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Dole Suggests Clinton Defense Policies Could Leave U.S. Vulnerable

June 29, 1996

DALLAS (AP) _ In a speech nostalgic for his own military days, Bob Dole suggested Saturday that President Clinton’s defense policies had ``turned off the porch light″ and left Americans vulnerable to terrorist attacks like last week’s bombing in Saudi Arabia.

The Republican presidential challenger also contended that the bombing proved the need for beefed-up military spending and a missile defense.

In side-by-side national radio broadcasts, both Dole and Clinton condemned the ``cowardly″ bombing of a U.S. military housing complex in Saudi Arabia that killed 19 Americans. And both took the tragedy as an opportunity to make some political points.

Clinton, who was headed to memorial services in Florida for the victims, said he has ``directed our senior officials to come together as soon as possible to discuss additional steps to intensify the worldwide fight against terrorism.″

Clinton, speaking in Lyon, France, at the end of an economic summit of world leaders, cited his administration’s record in fighting terrorism and building a strong economy. When he came into office, Clinton said, ``the United States was not in a strong position to lead.″

Now, he said, the worldwide fight ``against terrorist, international crime, drug trafficking and the spread of weapons of mass destruction are part of a campaign America has been leading for three years now. Without our leadership, the job will not get done.″

Dole, confined to the campaign trail, called for a united American front against terrorism, saying that ``when tragedies like this occur we’re not Democrats, we’re not Republicans _ we’re Americans.″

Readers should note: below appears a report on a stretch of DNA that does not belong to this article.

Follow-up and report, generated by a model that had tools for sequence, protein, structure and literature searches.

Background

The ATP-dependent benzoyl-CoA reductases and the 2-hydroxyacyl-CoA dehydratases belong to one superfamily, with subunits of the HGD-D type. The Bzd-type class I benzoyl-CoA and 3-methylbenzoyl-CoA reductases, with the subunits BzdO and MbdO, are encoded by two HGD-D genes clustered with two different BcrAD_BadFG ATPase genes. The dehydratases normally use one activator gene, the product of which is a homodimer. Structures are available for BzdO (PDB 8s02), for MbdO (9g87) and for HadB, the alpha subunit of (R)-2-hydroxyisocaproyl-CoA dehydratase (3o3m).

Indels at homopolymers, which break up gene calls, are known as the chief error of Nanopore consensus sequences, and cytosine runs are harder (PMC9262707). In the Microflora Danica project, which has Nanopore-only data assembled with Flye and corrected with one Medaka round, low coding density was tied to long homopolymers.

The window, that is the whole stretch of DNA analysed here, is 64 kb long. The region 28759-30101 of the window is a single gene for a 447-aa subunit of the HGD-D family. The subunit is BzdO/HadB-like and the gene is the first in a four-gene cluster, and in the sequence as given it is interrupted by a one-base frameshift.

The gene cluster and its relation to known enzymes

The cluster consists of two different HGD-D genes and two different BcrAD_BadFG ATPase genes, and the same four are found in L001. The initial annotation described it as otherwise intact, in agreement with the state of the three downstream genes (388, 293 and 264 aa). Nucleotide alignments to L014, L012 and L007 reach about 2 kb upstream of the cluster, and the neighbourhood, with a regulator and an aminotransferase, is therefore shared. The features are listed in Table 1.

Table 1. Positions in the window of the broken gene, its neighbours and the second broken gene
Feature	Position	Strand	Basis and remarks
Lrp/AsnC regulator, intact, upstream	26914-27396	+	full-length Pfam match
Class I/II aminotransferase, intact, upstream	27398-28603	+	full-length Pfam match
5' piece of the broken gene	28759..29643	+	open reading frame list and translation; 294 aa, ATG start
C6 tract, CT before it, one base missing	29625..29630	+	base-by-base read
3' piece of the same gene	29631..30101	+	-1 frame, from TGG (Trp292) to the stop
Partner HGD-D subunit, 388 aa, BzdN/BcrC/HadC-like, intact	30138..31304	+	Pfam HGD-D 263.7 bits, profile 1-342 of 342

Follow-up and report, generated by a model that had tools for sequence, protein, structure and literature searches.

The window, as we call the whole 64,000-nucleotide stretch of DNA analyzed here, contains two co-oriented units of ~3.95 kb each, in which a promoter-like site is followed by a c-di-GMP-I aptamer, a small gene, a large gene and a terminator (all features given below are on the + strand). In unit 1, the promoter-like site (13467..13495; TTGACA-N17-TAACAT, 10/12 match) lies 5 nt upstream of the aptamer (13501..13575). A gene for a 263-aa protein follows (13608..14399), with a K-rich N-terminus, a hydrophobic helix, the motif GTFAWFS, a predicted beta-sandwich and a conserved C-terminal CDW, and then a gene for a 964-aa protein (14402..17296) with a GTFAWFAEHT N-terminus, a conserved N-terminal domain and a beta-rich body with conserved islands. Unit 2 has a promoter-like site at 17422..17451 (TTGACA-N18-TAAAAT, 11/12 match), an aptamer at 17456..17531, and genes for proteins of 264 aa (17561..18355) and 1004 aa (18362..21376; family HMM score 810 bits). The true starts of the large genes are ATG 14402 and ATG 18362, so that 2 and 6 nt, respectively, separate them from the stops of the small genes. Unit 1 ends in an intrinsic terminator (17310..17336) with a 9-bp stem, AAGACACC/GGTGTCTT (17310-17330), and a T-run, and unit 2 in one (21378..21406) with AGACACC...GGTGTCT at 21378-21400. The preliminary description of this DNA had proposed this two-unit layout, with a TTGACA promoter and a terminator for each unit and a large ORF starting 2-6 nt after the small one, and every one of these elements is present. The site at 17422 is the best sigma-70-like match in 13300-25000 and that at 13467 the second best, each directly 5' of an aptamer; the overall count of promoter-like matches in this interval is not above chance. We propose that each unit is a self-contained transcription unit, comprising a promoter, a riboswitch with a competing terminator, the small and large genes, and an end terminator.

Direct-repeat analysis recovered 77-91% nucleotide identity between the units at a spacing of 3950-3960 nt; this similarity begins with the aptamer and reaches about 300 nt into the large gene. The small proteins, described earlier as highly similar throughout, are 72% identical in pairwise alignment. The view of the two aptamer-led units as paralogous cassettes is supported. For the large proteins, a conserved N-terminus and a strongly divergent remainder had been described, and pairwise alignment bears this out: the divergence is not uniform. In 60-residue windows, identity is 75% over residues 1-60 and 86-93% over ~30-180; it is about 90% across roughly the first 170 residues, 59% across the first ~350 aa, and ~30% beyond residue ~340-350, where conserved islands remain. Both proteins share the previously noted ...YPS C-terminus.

Yet, both his brief radio broadcast _ which was aired as the GOP response to the president’s address _ and a speech to the Texas state convention of Veterans of Foreign Wars echoed earlier criticism of Clinton as weak and naive in foreign policy.

``While the Cold War is over, the painful reminder of this week is that the world remains a very dangerous place,″ Dole said. ``We can’t just turn off the porch light, lock our doors, cross our fingers and hope everyone behaves.″

Dole said earlier he didn’t begrudge Clinton the positive news coverage that comes as a president helps his nation mourn. But he noted that Clinton had recently attended an international summit on terrorism and ``then this happened. You never know ... how the American people view it. But it’s not a partisan thing, in my view.″

Dole never referred overtly to Clinton, but his remarks were loaded with references to their differences _ especially their respective military records.

``I would say to those ... who sort of look down on the military, who say we spend too much on defense, it takes maybe a tragedy like this for those people to understand what liberty and freedom and duty and honor, god and country are all about,″ Dole, with his own VFW cap tilted across his forehead, told the veterans’ convention.

Recalling his first day in the Army at Camp Barkley, Texas, where he said he learned his first swear words, the World War II veteran did not explicitly impugn Clinton for avoiding service in Vietnam and protesting that war. But Dole did say that Vietnam veterans were treated like ``second-class citizens.″

Veterans in the audience sharpened the political point.

``It bothers me bad,″ Oscar Sutton, of Dennison, said of Clinton. ``And of all people who avoided service, I have no use for them.″

Ernest Mudd, of San Antonio, said Dole’s military background gave him greater credibility as a candidate for the White House. ``As president, it would make a difference in how he handled other foreign nations,″ Mudd told a reporter.

Dole also reiterated his call, frequently voiced on the campaign trail, for a ballistic missile defense system. Clinton opposes the deployment of a missile defense on the grounds that there is insufficient threat to justify its $5-billion price tag.

``Our goal is not just to be strong enough to turn back a threat,″ Dole said. ``Our goal must always be strength to guarantee that no one ever again is tempted to threaten us at all.″

The Clinton-Gore campaign responded quickly, issuing a statement that ``President Clinton supports the strong and sensible national missile defense program that will protect Americans from real threats. Bob Dole wants to return to the old days of boondoggle defense spending. ...″

Later Saturday, Dole headed to a campaign rally in Knoxville, Tenn.

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